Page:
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The international tax planning landscape has changed dramatically over the last decade or so. When the Common Reporting Standard went live in January 2016, financial privacy was consigned to history. This affects everyone who owns financial assets and/or receives income outside their country of residence, for example if you live in France and have a UK investment portfolio, bank accounts in the Isle of Man or Switzerland, UK pension funds or property.

With the UK announcing a new “Requirement to Correct” obligation last year, and the first information exchange under the Common Reporting Standard to take place this year, this is a good time to remind readers about the new automatic exchange of information regime and the importance of taking extra care to ensure you are paying tax correctly and in the right country.

The UK and France have been particularly tough on offshore tax evasion and instrumental in creating a worldwide solution to prevent it. Tax authorities now have access to much greater levels of information about offshore financial assets, and will start to use this data to detect irregularities with offshore income, gains and wealth. They will compare it to what is declared on tax returns, and today’s technology makes it increasingly easier for them.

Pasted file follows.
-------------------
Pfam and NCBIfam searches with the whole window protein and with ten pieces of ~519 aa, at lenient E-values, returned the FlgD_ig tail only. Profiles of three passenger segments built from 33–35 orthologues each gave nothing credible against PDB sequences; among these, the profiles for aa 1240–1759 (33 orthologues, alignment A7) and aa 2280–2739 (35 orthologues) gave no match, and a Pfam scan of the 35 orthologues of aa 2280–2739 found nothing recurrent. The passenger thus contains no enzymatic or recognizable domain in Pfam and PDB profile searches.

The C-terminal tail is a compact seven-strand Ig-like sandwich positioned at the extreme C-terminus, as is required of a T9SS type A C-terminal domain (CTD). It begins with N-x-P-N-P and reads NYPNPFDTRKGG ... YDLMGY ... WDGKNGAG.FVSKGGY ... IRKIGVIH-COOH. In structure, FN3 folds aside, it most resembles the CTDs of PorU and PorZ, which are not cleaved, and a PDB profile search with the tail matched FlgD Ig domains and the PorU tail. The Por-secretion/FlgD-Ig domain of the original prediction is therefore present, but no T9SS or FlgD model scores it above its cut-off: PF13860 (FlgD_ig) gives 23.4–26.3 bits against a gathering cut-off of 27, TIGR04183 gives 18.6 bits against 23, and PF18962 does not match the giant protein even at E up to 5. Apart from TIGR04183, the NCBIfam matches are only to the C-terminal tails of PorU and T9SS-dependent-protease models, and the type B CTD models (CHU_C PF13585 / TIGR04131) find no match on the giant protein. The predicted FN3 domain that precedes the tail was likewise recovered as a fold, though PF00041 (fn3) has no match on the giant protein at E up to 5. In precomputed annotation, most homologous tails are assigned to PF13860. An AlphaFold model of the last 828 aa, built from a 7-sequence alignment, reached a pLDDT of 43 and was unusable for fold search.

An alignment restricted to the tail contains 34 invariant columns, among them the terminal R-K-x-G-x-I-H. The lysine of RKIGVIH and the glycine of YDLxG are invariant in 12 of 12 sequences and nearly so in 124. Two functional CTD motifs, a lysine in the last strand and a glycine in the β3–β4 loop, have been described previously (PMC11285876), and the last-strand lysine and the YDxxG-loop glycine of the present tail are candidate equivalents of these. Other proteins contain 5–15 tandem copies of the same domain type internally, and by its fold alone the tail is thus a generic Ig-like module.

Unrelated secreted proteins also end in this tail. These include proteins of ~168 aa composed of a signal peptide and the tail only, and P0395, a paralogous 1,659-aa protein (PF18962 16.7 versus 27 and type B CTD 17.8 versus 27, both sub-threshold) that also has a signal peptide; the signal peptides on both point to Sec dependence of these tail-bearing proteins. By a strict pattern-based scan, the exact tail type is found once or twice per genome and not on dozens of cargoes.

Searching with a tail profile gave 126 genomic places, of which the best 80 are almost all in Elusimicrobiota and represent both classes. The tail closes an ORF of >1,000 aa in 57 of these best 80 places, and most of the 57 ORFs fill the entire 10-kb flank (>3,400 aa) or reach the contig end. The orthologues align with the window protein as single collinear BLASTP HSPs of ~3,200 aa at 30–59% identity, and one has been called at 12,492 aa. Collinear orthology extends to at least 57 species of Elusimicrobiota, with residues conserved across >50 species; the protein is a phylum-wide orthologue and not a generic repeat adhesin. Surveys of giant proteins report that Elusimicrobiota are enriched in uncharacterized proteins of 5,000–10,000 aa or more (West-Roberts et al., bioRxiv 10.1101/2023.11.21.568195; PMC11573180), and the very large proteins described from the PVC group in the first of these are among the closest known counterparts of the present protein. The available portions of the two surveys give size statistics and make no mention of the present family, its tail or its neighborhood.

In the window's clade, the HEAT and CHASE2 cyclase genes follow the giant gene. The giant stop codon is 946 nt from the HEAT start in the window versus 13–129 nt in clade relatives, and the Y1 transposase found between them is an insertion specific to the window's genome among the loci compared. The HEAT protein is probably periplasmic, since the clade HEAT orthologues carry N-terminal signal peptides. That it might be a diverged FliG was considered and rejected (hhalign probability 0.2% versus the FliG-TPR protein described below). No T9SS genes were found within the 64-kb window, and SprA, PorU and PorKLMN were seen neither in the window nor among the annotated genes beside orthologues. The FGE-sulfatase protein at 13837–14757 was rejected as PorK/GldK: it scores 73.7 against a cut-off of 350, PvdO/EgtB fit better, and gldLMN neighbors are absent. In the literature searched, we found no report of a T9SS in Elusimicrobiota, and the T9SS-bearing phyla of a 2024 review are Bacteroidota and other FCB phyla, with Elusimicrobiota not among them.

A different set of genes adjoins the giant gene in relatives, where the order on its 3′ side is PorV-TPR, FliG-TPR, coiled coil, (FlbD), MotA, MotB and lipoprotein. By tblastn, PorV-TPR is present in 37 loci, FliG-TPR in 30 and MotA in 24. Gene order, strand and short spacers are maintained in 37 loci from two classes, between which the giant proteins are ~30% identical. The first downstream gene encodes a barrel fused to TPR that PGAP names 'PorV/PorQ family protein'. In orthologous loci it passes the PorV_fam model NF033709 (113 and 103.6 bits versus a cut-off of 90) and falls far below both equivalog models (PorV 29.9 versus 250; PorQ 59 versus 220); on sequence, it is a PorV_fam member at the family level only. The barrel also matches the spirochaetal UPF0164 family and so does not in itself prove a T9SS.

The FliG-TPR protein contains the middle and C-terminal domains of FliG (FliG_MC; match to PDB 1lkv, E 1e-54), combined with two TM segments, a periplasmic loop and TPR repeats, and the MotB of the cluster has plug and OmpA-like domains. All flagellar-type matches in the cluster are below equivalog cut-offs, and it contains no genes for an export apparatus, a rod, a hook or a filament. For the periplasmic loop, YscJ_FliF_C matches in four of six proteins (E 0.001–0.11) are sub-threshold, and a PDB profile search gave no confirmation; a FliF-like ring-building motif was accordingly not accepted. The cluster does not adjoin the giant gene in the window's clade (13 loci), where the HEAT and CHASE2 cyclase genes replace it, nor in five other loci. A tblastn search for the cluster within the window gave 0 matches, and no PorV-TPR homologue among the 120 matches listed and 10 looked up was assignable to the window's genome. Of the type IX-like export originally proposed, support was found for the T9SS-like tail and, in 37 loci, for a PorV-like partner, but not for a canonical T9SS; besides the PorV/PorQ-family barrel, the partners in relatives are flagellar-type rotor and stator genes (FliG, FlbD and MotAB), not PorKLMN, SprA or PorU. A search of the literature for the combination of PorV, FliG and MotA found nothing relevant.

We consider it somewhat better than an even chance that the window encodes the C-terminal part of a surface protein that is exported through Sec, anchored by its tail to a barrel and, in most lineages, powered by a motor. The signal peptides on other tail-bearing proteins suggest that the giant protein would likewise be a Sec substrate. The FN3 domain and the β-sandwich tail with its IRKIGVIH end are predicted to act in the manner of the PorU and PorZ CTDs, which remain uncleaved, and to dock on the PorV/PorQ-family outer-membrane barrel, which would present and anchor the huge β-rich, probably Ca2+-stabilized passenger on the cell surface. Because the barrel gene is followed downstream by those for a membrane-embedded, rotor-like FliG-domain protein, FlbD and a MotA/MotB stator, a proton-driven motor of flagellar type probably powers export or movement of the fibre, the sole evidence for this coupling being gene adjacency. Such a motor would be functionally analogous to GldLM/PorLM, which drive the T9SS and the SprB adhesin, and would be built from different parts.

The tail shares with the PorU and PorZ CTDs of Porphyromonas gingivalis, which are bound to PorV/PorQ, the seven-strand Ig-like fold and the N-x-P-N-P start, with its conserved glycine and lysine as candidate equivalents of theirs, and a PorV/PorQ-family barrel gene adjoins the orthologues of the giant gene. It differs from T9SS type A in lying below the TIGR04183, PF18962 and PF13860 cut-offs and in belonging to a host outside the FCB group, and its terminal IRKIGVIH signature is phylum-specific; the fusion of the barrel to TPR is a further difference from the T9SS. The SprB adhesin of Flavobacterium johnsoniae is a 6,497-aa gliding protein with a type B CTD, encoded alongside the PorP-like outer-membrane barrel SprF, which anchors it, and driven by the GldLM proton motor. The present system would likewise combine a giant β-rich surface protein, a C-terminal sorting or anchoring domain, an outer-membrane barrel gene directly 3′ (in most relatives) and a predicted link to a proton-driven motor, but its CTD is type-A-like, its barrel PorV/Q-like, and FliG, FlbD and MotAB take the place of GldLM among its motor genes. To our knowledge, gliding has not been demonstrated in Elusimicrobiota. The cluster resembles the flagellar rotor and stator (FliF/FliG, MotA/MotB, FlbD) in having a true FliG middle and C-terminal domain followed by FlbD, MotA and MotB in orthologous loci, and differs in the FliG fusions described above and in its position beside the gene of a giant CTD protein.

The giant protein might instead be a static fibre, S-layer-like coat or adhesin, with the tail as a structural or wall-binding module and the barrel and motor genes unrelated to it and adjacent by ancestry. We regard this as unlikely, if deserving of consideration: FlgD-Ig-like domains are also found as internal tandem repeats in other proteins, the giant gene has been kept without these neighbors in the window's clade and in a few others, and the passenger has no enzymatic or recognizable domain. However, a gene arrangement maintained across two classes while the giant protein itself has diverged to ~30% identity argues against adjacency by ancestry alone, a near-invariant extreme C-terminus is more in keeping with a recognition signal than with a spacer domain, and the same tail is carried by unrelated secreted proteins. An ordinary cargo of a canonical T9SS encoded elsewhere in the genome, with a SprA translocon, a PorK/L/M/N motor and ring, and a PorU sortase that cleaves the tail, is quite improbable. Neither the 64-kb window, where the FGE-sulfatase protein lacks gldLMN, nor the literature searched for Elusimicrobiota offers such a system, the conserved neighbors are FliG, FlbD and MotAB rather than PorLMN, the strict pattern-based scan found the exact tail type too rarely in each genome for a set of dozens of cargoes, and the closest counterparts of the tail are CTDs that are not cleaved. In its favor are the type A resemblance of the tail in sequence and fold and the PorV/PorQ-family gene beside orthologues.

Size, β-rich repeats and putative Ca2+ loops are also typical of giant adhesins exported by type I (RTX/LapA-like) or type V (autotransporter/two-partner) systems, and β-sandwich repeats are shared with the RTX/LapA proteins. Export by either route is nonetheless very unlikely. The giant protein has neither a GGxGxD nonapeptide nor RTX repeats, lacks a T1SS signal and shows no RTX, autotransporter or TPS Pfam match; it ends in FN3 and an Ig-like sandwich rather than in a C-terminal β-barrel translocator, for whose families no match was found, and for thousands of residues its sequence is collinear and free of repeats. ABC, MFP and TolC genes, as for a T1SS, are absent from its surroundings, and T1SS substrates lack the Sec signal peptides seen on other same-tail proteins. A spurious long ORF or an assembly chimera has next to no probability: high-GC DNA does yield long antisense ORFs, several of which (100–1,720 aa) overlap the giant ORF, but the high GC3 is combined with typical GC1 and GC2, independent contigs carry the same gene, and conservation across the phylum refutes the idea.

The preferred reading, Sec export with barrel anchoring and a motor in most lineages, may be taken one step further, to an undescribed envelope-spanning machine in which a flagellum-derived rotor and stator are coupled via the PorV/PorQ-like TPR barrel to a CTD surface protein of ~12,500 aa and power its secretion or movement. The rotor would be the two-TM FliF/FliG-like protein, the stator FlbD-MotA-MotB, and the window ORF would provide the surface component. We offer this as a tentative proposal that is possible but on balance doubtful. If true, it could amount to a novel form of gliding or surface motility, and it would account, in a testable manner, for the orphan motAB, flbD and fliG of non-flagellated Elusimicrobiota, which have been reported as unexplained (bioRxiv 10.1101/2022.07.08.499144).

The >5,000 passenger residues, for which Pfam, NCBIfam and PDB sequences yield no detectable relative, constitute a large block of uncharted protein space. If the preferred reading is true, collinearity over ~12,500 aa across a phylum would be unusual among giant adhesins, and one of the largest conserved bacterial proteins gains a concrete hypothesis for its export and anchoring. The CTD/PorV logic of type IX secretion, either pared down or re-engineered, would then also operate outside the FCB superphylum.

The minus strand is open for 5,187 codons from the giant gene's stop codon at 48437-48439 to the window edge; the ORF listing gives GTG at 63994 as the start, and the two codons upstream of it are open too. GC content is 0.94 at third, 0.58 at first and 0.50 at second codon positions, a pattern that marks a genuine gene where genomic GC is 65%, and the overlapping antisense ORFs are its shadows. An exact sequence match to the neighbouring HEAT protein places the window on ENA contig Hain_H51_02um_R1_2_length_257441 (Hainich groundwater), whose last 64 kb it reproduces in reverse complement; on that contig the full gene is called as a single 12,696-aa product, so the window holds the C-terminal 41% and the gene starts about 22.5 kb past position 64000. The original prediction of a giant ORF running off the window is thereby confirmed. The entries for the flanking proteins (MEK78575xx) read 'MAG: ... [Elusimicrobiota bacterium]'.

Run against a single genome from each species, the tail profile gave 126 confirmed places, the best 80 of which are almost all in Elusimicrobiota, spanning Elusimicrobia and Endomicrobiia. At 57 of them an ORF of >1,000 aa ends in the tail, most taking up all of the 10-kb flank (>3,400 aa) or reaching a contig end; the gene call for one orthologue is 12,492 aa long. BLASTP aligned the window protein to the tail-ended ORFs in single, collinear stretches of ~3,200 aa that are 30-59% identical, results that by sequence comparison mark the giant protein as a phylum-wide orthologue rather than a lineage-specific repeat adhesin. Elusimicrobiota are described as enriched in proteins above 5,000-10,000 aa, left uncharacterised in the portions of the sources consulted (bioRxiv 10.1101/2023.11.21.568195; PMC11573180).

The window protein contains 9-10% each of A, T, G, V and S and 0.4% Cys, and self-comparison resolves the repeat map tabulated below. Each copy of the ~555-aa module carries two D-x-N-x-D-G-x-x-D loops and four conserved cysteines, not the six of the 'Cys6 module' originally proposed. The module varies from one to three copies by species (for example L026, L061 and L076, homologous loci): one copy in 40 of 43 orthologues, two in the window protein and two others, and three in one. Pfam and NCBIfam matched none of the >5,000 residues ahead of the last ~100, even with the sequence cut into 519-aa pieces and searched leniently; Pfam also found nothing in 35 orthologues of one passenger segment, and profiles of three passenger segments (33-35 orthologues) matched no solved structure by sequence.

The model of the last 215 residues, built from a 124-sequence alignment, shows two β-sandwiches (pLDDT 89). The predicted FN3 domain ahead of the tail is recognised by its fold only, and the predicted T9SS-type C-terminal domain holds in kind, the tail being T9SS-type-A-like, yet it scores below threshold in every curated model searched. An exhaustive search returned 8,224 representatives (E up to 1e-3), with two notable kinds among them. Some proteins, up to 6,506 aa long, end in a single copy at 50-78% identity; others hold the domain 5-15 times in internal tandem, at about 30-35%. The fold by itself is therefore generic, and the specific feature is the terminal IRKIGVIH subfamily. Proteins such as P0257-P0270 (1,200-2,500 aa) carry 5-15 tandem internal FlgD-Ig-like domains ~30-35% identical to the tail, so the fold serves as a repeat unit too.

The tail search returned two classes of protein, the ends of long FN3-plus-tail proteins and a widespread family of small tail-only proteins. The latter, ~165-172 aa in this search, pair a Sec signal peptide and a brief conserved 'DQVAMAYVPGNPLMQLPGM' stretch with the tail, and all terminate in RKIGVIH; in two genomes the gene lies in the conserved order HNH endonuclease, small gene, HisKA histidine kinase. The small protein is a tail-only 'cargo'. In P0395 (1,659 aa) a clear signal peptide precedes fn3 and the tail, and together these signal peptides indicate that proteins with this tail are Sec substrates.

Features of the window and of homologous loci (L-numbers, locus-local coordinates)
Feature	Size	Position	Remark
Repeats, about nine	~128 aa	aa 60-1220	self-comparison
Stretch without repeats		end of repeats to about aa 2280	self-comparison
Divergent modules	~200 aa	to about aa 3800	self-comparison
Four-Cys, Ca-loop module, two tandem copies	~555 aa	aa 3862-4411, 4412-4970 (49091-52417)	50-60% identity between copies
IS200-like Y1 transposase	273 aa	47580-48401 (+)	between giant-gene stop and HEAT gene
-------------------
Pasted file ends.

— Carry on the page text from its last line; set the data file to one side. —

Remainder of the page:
France’s crackdown on tax evasion yielded €12.2 billion in 2015, up almost a fifth from the previous year. While most of this came from multinational companies, the €2.6 billion collected from individuals was €700 million more than in 2014, comfortably beating the government’s €2 billion target.

HMRC’s new “Requirement to Correct”

The UK’s HM Revenue & Customs released a consultation paper last year called “Tackling offshore tax evasion: A requirement to correct”. The proposed legislation gives UK taxpayers with outstanding tax liabilities in relation to offshore assets a deadline of September 2018 to come forward and correct those liabilities. This applies to income, capital gains and inheritance taxes.